Caring for Caregivers: Conference Highlights Challenges for FTLD Caregivers

If you’ve never heard of Frontotemporal Lobar Degeneration, consider yourself lucky. If you are familiar with FTLD, you know that it strikes people in their prime – the average age of onset is 58, but ranges from 30 – 82. Over months or years, the neurodegenerative disease progressively causes people to lose control of their speech and language, as well as personality and social functioning. The disease is fatal, and currently has no cure.

Last weekend, Penn’s FTLD Center hosted its annual meeting for the caregivers of people with FTLD, as well as some of the related diseases – Amyotrophic lateral sclerosis (ALS or Lou Gehrig’s disease), Progressive supranuclear palsy (PSP), and corticobasal degeneration (CBD). The caregivers listened to the latest research and understanding of the diseases, and learned from caregiving experts about available resources and important caregiving skills.

Over the next few days, we’ll be posting short interviews from experts and looking into some of the topics covered at the conference – including the overlapping pathology behind these diseases, promising drug candidates from Penn’s drug discovery program, and the struggles caregivers face on a daily basis.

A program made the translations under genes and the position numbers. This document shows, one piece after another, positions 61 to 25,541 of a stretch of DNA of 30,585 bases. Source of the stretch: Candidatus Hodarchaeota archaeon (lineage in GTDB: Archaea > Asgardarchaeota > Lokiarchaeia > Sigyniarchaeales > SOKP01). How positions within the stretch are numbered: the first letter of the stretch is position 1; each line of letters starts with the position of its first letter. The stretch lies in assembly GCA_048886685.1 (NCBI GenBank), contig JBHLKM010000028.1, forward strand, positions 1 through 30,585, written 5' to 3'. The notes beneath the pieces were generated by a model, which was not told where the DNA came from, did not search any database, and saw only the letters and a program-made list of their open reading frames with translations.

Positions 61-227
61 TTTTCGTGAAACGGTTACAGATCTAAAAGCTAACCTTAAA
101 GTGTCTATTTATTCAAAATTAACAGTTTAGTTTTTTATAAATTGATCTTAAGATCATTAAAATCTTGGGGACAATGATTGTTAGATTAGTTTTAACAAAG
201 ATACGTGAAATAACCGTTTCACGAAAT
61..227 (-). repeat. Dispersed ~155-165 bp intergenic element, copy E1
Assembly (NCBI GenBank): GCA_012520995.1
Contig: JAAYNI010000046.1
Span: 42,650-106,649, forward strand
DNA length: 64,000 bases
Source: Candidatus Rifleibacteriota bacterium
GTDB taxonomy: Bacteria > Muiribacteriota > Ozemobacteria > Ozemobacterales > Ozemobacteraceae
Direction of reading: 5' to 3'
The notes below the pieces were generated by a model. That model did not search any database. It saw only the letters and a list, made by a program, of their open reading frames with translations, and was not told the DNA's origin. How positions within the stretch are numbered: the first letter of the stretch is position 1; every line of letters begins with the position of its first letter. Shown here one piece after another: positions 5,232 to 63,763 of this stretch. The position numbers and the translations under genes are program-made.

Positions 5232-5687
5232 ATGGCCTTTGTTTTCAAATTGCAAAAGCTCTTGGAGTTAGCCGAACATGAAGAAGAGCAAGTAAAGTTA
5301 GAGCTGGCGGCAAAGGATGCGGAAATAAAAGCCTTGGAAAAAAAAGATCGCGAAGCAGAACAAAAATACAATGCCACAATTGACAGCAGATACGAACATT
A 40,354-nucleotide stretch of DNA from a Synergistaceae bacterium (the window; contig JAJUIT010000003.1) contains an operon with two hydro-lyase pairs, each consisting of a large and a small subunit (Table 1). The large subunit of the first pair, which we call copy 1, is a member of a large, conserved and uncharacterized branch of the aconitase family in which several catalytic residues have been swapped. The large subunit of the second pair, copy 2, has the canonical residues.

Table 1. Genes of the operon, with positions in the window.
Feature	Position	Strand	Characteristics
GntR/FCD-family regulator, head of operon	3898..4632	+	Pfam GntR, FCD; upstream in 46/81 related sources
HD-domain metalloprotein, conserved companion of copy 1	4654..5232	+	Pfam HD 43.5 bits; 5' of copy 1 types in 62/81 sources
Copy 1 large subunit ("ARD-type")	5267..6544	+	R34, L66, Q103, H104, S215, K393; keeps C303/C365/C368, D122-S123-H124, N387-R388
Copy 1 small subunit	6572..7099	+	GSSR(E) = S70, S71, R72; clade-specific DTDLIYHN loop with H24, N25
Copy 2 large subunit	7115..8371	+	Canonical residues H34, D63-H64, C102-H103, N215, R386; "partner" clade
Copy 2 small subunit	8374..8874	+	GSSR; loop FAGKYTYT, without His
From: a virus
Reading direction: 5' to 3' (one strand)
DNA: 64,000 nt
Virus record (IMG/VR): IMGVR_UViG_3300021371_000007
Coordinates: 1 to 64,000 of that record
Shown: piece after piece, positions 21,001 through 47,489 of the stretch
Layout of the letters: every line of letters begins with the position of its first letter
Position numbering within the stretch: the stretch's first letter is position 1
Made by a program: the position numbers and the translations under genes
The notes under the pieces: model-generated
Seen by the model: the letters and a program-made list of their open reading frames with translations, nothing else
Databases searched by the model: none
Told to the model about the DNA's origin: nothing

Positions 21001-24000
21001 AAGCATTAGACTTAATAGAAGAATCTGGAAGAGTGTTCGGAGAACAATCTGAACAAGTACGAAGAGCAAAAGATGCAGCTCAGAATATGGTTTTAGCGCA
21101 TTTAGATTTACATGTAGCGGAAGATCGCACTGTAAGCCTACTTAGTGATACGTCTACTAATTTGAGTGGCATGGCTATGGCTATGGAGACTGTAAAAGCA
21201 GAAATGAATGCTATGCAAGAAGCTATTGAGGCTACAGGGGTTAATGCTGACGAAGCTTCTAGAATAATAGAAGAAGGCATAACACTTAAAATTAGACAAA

To start, we’ve compiled a transcript of live-tweets from the FTLD Caregiver Conference.

If you attended the conference, what information did you find most fascinating? For me, it was learning that they’re hoping to have an effective treatment for FTLD in 10 years. With an amazing team and the full-spectrum of research underway here at Penn, I don’t doubt it.



Leave a Reply

Fill in your details below or click an icon to log in: Logo

You are commenting using your account. Log Out /  Change )

Google+ photo

You are commenting using your Google+ account. Log Out /  Change )

Twitter picture

You are commenting using your Twitter account. Log Out /  Change )

Facebook photo

You are commenting using your Facebook account. Log Out /  Change )


Connecting to %s